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    COURT IMPOSES NEAR ‘MINIMUM’ FINES AFTER FOUR DEATHS

    Safety failings resulted in loss of four lives in four separate coal mine incidents

    UK Coal Mining Ltd has been fined £450,000 for safety failings that resulted in the death of four mineworkers in separate incidents at two collieries in Nottinghamshire and the East Midlands.

    The company was sentenced at Sheffield Crown Court on 14 December 2011 for four breaches of HSW Act Section 2(1) and three breaches of HSW Act Section 3 in connection to the deaths. UK Coal pleaded guilty to all seven breaches at an earlier hearing in proceedings brought by the HSE.

    The fatal incidents were:

    • 19 June 2006: supervisor Trevor Steeples died at Daw Mill colliery and was asphyxiated due to oxygen deprivation when he was exposed to high levels of methane in part of the mine.
    • 6 August 2006: mineworker Paul Hunt died at Daw Mill after falling from a poorly maintained underground transporter into the path of a moving ‘train’. UK Coal accepted failing to prevent unsafe man-riding on the transporter and failing to replace the decaying system.
    • 17 January 2007: mineworker Anthony Garrigan died at Daw Mill while assisting others to install rockbolts to keep a tunnel support wall in place. He was crushed when 100-plus tonnes of inadequately supported coal and stone collapsed on top of him. The section of tunnel had a history of collapses and UK Coal should have introduced a safer system of support.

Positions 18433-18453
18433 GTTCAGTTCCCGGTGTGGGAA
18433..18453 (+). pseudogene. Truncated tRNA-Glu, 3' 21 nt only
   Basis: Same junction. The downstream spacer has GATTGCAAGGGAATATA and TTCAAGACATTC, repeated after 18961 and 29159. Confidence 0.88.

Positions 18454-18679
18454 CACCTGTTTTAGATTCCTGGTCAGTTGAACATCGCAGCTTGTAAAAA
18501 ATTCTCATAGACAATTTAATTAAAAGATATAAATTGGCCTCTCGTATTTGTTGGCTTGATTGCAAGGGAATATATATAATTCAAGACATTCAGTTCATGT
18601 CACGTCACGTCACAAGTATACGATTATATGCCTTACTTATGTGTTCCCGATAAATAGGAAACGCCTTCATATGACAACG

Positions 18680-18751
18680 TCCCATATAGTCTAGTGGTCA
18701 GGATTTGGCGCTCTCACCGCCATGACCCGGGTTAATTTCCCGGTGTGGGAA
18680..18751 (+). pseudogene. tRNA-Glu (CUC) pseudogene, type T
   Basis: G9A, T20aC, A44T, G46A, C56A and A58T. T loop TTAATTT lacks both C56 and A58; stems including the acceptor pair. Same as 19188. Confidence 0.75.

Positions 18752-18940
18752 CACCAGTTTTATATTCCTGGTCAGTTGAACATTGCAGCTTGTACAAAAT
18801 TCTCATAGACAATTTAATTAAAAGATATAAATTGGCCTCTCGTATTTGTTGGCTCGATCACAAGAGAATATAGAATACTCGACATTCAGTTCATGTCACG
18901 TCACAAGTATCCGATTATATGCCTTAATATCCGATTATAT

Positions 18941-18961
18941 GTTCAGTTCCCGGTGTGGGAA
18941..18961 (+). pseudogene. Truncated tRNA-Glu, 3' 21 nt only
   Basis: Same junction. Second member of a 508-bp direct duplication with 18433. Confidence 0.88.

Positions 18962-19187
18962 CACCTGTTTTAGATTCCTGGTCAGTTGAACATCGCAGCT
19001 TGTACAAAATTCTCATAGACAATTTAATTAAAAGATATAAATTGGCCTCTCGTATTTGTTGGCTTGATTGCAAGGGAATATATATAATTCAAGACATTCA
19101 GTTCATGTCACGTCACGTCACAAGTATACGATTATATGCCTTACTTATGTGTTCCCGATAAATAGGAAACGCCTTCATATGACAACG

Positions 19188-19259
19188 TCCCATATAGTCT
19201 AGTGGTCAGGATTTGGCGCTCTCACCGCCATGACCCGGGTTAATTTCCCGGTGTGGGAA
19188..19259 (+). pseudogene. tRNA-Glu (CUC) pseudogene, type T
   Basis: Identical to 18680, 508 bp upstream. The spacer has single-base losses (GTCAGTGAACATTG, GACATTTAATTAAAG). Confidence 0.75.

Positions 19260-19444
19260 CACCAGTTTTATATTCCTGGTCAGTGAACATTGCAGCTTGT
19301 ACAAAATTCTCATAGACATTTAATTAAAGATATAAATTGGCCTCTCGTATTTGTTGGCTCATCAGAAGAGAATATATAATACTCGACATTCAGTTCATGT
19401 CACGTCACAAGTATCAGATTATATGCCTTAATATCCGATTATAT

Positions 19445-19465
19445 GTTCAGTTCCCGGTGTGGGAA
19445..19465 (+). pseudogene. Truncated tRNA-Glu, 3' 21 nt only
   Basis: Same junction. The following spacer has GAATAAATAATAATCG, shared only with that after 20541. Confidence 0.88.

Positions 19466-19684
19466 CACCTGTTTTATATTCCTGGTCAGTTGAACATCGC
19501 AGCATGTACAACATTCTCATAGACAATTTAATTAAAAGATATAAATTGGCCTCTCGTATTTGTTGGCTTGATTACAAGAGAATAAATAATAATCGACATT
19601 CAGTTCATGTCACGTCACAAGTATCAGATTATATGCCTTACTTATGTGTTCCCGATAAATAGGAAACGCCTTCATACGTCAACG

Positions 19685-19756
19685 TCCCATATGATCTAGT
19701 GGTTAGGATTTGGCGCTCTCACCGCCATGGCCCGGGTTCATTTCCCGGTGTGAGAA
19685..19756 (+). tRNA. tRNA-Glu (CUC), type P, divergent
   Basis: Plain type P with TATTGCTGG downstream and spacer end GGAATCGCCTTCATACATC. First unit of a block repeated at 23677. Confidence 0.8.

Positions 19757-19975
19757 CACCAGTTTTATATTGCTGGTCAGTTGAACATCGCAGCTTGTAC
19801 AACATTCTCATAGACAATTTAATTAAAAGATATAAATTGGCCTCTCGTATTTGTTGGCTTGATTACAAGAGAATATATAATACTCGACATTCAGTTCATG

• 3 November 2007: mineworker Paul Milner died at Welbeck colliery. Mr Milner was attempting to install additional roof supports so that equipment could be salvaged from a coal face that had ceased production. He was crushed under approximately 90 tonnes of rock when a roof area collapsed. A suitable code of practice was agreed to provide a safe system of work, but the code was not adequately enforced by UK Coal.

    UK Coal was ordered to pay a fine of £112,500 and £187,500 costs for each fatality, totalling £1.2m.

    After the hearing, HSE Mines Inspector Bob Leeming commented:

    “Fewer than 4,000 people are employed in the UK mining sector, which makes four deaths within 18 months even more stark. These tragic incidents followed a four and a half year period where there were no deaths in the whole UK mining industry.

    It is even more shocking that these preventable deaths were the fault of one company – UK Coal. All it would have taken to prevent these deaths was better management and proper hazard control by UK Coal.

    HSE brought this case because of the serious breaches that were uncovered during the investigations. We will bring further proceedings if similar situations arise in the future. UK Coal need to demonstrate that they have learned – and will act upon – the lessons from these deaths.”

    Comment

    The Sentencing Guidelines Council has issued definitive guidelines on sentencing following work related deaths under health and safety law. 

    The Guideline applies to the sentencing of organisations on or after 15 February 2010 and states that the appropriate fine for deaths involving health and safety offences “will seldom be less than £100,000 and may be measured in hundreds of thousands of pounds or more.”

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